A guess about the presidential debate tonight: Barring a gaffe, in which one candidate says what they actually believe, neither Romney nor Obama will say anything of true substance; they will not go beyond platitudes about their platforms and generalizations about their plans. Clearly, the debates have a lot of potential to shift the tenor of the race, but that is mostly cosmetic. Libertarian candidate Gary Johnson says that the election represents a choice between Coke and Pepsi—two essentially identical choices. And polling data supports him: voters don’t think either candidate offers any sort of meaningful change to their lives.
That’s the finding from a survey completed by Havas Media (home of Co.Exist contributor Umair Haque) after the last debate; they’ll do another round after tonight. Respondents answered questions about the candidates’ ability to help society as a whole and them as an individual. The results don’t speak well to how either candidate is connecting with voters, and show how little faith voters have in politicians’ abilities to improve society.
The survey asked respondents to decide on questions of empathy, like whether or not one thinks each candidate "listens to and cares about citizens" (Obama over Romney, 45% to 20%) or "supports the development of local businesses" (Romney over Obama, 32% to 29%). These results are not surprising: Throughout the campaign, Romney has lagged behind in traditional polls of how he relates to the problems of regular people.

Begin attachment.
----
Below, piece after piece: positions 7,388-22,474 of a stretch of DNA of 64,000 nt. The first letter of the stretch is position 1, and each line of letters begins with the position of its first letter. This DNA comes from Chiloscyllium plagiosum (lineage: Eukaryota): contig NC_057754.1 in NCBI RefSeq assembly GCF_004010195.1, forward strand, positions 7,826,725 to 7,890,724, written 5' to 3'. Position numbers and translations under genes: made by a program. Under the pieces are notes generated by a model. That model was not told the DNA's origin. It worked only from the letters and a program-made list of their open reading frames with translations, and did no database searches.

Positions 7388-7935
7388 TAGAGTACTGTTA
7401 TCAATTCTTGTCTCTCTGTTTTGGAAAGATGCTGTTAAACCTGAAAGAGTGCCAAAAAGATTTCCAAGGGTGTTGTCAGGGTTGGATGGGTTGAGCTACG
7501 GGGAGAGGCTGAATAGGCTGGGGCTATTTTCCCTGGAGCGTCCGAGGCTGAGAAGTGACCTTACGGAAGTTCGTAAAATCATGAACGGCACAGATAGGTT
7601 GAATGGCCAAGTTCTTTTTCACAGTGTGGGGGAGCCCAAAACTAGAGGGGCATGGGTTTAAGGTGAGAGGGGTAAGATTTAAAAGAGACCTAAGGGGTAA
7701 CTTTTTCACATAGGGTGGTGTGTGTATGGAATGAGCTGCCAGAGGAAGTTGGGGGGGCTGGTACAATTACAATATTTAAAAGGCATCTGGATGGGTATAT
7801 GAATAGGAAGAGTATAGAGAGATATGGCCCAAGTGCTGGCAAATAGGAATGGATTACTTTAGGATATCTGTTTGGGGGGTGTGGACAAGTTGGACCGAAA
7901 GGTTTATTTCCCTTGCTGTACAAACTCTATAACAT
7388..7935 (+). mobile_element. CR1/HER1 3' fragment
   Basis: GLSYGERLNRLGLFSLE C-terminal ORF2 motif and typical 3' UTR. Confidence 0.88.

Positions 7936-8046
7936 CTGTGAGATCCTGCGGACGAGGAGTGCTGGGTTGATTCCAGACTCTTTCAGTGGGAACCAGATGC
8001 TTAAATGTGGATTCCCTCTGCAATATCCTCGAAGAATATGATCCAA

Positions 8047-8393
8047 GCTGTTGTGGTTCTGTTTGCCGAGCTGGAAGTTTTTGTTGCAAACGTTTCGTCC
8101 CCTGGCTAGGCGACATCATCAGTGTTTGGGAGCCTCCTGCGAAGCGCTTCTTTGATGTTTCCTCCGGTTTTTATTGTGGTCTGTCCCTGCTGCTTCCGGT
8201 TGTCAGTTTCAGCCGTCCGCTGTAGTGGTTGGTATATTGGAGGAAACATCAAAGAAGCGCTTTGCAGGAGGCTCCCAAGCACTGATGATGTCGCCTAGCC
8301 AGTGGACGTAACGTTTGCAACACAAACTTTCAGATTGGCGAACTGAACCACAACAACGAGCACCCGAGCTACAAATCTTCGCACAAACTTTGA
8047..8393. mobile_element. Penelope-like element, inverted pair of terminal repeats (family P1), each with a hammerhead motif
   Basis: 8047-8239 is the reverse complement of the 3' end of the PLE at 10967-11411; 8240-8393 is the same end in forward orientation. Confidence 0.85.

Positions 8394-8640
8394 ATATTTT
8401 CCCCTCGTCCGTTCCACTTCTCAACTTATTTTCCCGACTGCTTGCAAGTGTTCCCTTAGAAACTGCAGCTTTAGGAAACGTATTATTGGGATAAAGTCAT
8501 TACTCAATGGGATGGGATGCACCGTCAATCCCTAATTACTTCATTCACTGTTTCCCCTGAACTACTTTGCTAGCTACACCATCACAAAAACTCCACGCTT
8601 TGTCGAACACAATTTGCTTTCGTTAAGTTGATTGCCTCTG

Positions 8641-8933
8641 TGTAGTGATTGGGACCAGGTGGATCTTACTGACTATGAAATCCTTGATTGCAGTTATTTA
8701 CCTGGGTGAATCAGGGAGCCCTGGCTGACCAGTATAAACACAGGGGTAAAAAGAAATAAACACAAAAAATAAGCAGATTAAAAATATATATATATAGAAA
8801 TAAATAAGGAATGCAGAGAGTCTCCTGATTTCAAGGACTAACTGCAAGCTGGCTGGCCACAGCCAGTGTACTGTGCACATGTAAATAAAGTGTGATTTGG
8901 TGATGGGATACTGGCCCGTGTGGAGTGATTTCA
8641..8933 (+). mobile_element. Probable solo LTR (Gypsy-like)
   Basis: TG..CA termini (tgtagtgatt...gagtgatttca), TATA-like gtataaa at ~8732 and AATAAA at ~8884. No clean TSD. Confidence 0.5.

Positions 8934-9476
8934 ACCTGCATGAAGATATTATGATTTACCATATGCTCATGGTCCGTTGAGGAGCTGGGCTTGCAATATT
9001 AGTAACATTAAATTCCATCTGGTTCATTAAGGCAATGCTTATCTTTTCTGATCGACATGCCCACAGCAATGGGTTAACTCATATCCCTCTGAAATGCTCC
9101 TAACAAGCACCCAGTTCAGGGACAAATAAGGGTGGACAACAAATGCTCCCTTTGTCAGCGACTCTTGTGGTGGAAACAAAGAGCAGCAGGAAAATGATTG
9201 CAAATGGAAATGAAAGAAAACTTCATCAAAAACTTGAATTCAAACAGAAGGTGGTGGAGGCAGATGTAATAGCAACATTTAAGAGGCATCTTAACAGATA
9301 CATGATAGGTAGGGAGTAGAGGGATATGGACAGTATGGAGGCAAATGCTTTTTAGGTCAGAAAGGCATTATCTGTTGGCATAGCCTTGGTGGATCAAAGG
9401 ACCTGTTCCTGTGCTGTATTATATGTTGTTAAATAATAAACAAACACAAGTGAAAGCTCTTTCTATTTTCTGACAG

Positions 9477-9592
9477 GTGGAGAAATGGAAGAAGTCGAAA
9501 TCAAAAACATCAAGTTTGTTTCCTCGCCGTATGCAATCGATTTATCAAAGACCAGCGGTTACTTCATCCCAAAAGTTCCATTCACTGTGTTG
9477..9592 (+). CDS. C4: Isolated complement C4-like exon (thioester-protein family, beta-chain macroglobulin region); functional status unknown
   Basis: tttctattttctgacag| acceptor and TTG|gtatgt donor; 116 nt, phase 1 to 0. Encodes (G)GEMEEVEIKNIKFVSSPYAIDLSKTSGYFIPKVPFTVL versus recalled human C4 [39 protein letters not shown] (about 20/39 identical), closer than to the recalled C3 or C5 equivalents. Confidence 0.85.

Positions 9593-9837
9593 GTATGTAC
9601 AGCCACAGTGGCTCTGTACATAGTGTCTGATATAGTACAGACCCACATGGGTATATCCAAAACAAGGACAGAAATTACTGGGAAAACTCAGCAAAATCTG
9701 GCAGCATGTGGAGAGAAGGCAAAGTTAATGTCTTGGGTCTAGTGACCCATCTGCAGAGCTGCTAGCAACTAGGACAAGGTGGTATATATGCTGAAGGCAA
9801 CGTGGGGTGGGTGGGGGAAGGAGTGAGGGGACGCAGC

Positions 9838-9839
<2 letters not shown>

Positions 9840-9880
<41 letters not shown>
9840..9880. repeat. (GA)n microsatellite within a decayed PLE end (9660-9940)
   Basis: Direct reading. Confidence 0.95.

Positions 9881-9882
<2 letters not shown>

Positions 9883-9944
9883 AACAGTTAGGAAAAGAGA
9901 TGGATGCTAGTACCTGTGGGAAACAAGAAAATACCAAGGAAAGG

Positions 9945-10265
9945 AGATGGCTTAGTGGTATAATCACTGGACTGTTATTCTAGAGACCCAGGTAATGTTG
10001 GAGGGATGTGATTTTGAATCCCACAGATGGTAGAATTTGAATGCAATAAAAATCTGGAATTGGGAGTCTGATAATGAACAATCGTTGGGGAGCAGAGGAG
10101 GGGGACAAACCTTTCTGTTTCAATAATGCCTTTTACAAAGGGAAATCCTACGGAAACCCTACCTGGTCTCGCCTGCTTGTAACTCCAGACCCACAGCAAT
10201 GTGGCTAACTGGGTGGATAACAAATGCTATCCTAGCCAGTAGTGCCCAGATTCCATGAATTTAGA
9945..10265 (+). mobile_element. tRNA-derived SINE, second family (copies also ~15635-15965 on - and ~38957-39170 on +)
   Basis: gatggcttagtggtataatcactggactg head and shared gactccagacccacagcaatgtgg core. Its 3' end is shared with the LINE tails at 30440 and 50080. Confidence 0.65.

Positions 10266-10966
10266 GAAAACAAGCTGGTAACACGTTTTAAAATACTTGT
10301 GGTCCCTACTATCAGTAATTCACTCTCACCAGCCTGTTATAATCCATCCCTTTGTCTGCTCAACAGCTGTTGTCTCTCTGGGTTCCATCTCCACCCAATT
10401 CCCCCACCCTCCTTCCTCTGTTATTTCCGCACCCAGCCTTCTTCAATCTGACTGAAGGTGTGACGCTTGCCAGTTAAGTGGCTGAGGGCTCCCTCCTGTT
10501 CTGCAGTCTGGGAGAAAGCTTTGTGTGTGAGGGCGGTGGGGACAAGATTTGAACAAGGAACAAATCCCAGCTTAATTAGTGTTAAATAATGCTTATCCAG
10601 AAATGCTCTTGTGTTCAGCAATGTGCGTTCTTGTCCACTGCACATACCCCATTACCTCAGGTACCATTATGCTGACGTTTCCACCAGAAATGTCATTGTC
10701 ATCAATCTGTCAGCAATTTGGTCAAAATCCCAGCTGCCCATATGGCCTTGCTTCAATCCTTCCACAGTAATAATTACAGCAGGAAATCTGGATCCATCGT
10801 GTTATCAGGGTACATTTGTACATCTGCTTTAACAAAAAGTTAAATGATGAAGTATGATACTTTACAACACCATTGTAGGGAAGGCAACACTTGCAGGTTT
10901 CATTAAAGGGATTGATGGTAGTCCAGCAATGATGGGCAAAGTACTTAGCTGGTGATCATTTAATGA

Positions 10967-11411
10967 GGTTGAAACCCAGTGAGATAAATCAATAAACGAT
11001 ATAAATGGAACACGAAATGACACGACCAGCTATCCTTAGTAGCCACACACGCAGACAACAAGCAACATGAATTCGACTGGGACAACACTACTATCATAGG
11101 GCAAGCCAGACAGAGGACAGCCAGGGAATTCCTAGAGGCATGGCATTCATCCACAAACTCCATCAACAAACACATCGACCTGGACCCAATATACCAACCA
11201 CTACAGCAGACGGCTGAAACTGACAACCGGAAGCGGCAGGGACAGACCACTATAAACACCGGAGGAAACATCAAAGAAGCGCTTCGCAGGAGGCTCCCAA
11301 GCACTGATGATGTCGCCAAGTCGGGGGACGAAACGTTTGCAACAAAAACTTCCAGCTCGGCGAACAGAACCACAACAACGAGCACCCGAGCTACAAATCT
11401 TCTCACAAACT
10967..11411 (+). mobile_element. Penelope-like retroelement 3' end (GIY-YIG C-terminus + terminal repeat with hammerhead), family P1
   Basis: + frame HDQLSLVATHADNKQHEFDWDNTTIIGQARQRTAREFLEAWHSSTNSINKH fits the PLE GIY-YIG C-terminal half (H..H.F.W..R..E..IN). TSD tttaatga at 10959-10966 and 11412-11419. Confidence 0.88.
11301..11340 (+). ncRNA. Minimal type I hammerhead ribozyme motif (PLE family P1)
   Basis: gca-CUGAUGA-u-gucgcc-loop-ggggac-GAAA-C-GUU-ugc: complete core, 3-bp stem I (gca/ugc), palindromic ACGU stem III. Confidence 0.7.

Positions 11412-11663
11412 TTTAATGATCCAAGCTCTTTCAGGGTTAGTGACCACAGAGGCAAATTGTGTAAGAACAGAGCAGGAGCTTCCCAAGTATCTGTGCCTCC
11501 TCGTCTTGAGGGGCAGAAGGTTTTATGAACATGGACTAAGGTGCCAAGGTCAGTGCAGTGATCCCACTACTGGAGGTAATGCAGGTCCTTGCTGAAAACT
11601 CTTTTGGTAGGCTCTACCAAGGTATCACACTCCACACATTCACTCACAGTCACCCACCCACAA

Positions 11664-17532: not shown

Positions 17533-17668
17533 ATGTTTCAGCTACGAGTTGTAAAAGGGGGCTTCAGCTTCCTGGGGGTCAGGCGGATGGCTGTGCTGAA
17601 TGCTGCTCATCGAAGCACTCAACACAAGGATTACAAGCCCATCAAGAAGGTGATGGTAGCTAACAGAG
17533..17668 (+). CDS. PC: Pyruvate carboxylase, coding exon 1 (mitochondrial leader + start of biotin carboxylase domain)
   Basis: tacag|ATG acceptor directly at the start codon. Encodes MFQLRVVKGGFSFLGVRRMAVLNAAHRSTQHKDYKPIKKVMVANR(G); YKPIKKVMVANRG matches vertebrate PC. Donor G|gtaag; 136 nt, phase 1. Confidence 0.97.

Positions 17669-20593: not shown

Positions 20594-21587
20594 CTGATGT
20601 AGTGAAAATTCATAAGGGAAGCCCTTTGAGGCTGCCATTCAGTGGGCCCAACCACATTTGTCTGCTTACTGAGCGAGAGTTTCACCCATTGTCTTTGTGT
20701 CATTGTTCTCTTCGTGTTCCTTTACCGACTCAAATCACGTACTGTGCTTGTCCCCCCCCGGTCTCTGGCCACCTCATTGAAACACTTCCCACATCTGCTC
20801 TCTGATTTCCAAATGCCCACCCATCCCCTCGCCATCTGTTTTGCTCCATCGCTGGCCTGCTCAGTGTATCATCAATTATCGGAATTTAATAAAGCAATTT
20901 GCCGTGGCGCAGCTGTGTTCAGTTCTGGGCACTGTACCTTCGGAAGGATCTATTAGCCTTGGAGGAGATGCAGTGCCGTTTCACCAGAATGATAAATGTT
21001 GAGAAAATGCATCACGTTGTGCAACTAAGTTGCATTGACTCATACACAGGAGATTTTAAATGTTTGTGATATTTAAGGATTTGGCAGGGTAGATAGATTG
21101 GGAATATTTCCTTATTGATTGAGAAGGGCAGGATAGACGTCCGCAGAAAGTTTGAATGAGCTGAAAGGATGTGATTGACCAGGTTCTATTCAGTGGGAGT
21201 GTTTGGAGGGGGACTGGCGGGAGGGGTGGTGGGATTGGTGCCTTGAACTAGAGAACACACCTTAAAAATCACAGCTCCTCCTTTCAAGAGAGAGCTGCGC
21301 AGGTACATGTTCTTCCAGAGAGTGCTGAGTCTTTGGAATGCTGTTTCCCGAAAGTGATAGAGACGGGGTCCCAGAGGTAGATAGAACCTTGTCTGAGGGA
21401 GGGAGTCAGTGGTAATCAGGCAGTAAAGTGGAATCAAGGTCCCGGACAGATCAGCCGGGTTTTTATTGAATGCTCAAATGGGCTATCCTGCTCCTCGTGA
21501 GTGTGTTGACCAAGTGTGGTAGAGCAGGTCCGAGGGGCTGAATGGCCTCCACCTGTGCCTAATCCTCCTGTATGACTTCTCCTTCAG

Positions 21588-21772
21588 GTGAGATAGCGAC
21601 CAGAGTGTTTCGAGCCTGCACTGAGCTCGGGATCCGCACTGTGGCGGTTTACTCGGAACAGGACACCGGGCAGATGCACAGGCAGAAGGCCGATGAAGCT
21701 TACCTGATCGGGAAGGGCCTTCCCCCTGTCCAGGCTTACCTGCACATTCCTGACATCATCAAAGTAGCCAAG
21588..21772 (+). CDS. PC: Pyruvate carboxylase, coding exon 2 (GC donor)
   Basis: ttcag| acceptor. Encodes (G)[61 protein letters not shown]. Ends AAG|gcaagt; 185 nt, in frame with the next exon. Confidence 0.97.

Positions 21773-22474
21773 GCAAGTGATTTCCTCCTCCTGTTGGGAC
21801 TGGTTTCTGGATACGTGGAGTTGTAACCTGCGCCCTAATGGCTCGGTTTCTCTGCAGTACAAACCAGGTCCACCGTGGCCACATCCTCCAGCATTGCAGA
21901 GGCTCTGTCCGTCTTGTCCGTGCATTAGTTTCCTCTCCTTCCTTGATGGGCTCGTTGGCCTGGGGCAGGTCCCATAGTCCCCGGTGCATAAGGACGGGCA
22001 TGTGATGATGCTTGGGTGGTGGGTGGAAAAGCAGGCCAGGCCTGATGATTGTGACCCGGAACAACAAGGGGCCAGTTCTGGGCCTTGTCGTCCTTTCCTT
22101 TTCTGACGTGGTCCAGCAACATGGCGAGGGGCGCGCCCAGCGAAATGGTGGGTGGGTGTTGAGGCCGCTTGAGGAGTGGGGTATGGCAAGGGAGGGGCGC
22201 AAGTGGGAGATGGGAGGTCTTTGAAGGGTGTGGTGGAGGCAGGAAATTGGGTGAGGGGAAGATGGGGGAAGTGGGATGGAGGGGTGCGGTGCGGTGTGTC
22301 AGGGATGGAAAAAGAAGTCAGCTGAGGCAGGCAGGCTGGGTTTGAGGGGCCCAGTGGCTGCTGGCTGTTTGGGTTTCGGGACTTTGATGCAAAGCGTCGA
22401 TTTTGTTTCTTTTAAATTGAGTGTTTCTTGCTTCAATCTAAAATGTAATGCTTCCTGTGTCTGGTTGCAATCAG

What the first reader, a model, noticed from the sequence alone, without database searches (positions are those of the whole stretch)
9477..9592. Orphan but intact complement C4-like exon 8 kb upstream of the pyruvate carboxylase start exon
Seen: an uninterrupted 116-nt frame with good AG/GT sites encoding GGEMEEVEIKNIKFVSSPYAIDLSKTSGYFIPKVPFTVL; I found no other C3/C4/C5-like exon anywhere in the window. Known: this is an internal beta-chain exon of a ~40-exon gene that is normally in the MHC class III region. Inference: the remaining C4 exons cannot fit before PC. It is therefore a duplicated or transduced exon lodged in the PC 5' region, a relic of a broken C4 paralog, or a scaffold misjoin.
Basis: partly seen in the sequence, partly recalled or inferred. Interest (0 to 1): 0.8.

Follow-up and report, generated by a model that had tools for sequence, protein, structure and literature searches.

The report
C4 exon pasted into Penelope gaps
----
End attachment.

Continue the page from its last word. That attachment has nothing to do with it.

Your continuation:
What’s more interesting is when the poll asks respondents how they think the candidates might be able to improve specific areas of their lives. On questions about whether the candidates will "help make my life easier," "help me live a better or fuller life," or "help me be a more responsible citizen" both candidates’ numbers are atrocious—with no more than 32% of respondents agreeing with any question about either candidate. Obama tops out at 31% on the question of "will treat me with respect." Romney hits his maximum (19.6%) on helping people "feel safe from harm" (Obama beats him here, with 26%; on no question in this section does Romney outpace Obama). While Obama might win out, it’s with anemic numbers. Even his supporters aren’t too confident he can do much to improve their lives. We’ve selected candidates, it seems, who don’t thrill us.
What’s the lesson here? Havas connects these numbers to its Meaningful Brand Index, a look at which companies people feel are making their lives better. They argue that this is the key business innovation of the future. Any brand can sell you something, only a few can make you feel that interacting with them improves your quality of life. Ideally, we’d want the same in the person running the country—someone who both helps and inspires us to be better citizens. But it seems like we have a long way to go before we find that person. Or perhaps, even more cynically, it may be that our political process simply can’t give us the candidates we actually need.